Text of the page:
Clothing donation bins have been springing up all over Bensonhurst, and their presence has not produced the positive source of charity as intended. The Brooklyn Daily Eagle is reporting that the bins have been illegally placed on public property and have been subject to vandalism and theft.
While carrying the air of an official city project, the bins are actually run by multiple nonprofit organizations. The first problem with the bins, which are intended to gather clothing for the needy, is their placement. Despite city regulations that prohibit the placement of bins on public property, the bins have appeared all over Bensonhurst and Bay Ridge, often times in a haphazard fashion. Department of Sanitation regulations are clear on the issue:
“The placement of collection bins by any person, other than a government or governmental agency, or its contractors or licensees on any city property, property maintained by the city, or on any public sidewalk or roadway is prohibited,” the Department of Sanitation regulations read. “Collection bins include, but are not limited to, clothing bins. Failure to comply with this prohibition may result in the removal of any collection bin improperly placed on public property,” according to the regulations.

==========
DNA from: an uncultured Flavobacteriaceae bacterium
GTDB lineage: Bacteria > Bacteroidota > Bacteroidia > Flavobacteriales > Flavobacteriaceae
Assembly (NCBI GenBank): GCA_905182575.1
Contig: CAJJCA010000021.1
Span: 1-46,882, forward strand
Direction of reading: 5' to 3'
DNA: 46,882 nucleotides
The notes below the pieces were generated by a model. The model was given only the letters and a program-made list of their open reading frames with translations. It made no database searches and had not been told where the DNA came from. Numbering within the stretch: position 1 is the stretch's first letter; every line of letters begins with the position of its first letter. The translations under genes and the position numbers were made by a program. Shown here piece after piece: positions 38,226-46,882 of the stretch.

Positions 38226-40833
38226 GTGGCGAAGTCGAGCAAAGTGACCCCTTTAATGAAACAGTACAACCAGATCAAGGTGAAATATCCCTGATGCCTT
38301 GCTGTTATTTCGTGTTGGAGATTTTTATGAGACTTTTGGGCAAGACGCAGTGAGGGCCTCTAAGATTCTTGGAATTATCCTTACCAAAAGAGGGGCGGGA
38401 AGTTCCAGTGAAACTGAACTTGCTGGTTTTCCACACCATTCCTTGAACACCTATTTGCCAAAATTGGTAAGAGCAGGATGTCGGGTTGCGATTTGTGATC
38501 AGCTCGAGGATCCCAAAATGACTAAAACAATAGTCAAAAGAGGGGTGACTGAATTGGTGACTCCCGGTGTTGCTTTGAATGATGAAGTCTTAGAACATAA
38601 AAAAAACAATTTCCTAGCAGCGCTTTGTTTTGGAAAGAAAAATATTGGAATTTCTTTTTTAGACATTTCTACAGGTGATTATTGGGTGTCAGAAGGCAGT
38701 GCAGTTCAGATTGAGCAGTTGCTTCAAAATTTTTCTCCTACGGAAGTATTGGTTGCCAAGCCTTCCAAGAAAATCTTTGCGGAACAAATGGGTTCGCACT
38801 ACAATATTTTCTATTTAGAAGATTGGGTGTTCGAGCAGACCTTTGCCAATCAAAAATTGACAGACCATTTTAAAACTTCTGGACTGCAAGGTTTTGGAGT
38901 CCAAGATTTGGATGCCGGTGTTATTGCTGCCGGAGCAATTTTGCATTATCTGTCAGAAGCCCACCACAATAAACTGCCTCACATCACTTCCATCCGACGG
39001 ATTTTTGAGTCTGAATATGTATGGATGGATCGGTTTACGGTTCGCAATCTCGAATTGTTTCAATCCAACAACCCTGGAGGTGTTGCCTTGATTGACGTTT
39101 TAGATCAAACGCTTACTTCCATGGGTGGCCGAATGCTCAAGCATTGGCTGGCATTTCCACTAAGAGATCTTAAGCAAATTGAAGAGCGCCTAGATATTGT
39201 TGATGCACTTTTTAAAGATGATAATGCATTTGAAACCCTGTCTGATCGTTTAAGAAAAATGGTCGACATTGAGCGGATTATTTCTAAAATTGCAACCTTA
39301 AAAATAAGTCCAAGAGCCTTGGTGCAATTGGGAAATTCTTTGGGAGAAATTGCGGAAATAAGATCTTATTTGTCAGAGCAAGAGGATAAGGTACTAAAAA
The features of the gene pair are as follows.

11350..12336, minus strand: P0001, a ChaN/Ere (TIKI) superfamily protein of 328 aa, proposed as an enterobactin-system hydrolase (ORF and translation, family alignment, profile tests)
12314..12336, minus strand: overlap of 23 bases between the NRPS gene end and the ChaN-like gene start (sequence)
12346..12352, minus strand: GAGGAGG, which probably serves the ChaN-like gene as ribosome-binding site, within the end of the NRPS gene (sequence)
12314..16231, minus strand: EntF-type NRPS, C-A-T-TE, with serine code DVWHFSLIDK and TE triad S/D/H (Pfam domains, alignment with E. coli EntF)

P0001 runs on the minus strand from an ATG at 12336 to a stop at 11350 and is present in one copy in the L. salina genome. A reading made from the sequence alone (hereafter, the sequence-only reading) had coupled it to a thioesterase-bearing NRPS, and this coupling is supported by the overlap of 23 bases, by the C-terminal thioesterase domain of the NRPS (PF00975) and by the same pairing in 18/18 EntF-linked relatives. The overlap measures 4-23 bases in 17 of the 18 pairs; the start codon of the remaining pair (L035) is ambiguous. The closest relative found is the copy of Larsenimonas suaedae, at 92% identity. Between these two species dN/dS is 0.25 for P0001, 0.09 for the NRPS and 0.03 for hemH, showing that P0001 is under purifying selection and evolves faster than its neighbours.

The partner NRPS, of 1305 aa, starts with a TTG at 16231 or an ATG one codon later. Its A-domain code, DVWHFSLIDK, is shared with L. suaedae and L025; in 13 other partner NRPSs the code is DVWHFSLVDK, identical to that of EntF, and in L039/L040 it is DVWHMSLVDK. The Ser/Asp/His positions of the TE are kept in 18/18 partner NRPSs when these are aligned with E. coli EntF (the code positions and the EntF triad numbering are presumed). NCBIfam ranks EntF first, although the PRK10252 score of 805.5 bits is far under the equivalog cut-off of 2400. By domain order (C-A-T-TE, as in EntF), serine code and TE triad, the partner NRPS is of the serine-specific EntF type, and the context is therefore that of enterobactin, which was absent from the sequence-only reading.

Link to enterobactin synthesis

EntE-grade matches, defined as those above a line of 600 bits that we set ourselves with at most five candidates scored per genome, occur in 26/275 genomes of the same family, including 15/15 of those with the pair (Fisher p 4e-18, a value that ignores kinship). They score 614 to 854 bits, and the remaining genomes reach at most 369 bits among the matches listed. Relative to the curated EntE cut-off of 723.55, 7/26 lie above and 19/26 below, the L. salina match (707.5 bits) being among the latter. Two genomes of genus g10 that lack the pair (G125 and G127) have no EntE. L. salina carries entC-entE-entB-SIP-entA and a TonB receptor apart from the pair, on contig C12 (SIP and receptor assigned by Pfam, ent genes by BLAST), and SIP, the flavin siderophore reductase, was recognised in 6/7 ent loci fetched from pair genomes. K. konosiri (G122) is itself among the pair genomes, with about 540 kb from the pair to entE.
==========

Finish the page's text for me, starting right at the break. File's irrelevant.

Another problem with the bins is that it isn’t clear who is responsible for them or where the clothes are going. Community Board District 10 District Manger Josephine Beckman spoke to this issue.
“One of the complaints is that it’s difficult to tell what organizations are responsible for them. People in our community are aware of the many not-for-profit organizations like the St. Vincent de Paul Society, the Salvation Army, and St. Mary’s Church, which collect clothing for the poor. People prefer to donate to an organization they know,” Beckman told Brooklyn Daily Eagle.
The bins are also subject to poor management and vandalism. Often times the bins are so overstuffed with clothing that they end up being tagged with graffiti. Community Board 11 District Manager Marnee Elias-Pavia noted complaints that the bins were magnets for theft and garbage.
“[P]eople are dumping garbage near the bins. And people have been seen pulling clothes out of them,” Pavia said.
The bins have been the subject of similar problems across Southern Brooklyn including Brighton Beach. Sheepshead Bites reported on bins located in the confines of Community Board 13 that were disposed of by the Department of Sanitation after numerous complaints that the clothes inside of them were just being resold for profit at thrift shops.